For Reema, a 27-year-old fashion designer, divorce wasn’t an empty threat, but it didn’t come the triple talaq route. Reema and her husband had a mutually accepted divorce, but she recalls that her husband used to throw the threat of divorce around in fights. At the same time, she wants the world to know that Muslim women have equal rights and powers to divorce in Islam. She’s referring to the practice of khula, a form of divorce where the wife is free to leave without having to pay any money or maintenance, unlike men who give triple talaq.
She still recalls that her husband would often threaten her, saying, “I should just divorce you this instant.” But she knew that triple talaq wasn’t an accepted reality, so she never took the threat seriously. Reema thinks Muslim men make the threat loosely because they don’t understand the obligations of marriage. “Before Muslim women get married, they read the Quran, they learn and study everything they need to know about marriage beforehand. Muslim men just celebrate with their friends, saying they have someone to cook them dinner every day.”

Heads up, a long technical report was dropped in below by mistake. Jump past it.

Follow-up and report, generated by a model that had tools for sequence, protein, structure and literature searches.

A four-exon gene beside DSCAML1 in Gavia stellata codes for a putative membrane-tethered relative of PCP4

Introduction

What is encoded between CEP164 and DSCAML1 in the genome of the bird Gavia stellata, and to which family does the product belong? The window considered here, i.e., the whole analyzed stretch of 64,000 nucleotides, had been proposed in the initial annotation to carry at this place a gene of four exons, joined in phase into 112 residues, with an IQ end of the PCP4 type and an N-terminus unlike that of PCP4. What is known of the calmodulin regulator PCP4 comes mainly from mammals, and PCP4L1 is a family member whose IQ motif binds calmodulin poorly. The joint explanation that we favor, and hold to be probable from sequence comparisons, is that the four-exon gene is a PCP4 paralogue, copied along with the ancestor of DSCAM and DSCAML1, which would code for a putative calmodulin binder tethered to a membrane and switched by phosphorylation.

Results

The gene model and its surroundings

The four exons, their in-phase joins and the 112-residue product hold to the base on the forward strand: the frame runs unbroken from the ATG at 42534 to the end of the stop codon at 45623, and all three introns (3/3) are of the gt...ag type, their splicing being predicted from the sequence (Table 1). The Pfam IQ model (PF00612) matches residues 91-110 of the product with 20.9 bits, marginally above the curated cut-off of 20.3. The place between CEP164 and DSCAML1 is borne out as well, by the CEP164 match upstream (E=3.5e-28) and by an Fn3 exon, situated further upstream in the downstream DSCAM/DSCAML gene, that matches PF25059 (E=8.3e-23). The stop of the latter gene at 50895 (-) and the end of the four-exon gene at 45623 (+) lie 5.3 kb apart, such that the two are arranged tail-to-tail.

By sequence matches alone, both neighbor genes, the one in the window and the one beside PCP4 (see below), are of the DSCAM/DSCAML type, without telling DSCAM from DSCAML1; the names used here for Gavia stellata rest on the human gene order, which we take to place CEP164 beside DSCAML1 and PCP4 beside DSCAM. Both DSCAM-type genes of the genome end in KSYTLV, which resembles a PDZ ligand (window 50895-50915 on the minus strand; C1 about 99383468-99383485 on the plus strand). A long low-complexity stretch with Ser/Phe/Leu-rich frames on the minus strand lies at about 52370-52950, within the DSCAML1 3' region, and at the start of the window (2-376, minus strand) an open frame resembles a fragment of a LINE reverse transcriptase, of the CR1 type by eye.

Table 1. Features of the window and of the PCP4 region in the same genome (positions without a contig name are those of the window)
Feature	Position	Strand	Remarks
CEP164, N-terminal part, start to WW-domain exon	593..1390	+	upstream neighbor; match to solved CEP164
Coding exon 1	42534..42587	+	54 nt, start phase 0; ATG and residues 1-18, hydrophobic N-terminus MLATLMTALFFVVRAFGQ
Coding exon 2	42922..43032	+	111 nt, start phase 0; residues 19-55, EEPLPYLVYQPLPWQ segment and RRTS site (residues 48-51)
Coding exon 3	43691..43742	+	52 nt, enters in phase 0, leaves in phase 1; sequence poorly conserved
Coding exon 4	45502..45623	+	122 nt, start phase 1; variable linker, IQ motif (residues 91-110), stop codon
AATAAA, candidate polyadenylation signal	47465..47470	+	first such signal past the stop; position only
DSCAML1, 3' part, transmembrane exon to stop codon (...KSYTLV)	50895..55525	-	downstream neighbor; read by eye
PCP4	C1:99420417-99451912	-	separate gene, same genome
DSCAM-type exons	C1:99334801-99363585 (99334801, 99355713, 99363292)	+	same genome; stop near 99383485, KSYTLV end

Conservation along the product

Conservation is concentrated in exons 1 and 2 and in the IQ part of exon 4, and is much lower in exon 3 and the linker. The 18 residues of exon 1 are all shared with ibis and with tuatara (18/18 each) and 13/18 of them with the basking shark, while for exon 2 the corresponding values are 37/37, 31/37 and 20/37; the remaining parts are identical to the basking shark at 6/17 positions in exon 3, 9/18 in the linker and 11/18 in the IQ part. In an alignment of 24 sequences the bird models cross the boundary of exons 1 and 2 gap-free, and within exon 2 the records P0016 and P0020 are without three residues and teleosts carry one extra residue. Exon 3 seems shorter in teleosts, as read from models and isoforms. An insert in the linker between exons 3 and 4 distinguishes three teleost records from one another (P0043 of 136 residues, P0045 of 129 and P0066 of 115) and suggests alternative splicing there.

Many Muslim women, when asked about triple talaq, turn to the belief that Islam already contains guidelines for life’s crises, big and small. It’s one of the reasons why they are furious that the government is now trying to pass laws that interfere in their most personal matters.
Alia, a homemaker from Bangalore, asserts that Islam already has many in-built protections for Muslim women. “In triple talaq, a man has to return to the wife’s family the expenses they paid on the wedding. If a woman takes khula, she doesn’t have the right to claim any money or maintenance back. In many cases, women don’t take the option of khula and wait for triple talaq because they know that they won’t get their money if they take that route.”
Taking a different view on the issue, Dr Kala Balasubramaniam, a marriage counsellor at Bangalore’s Inner Peace Counselling Center who counsels Muslim couples, thinks removing the looming spectre of triple talaq can help women feel more secure and confident. “You need security and belonging in a marriage, and a tool like triple talaq is like having a Damocles sword over your head all the time.”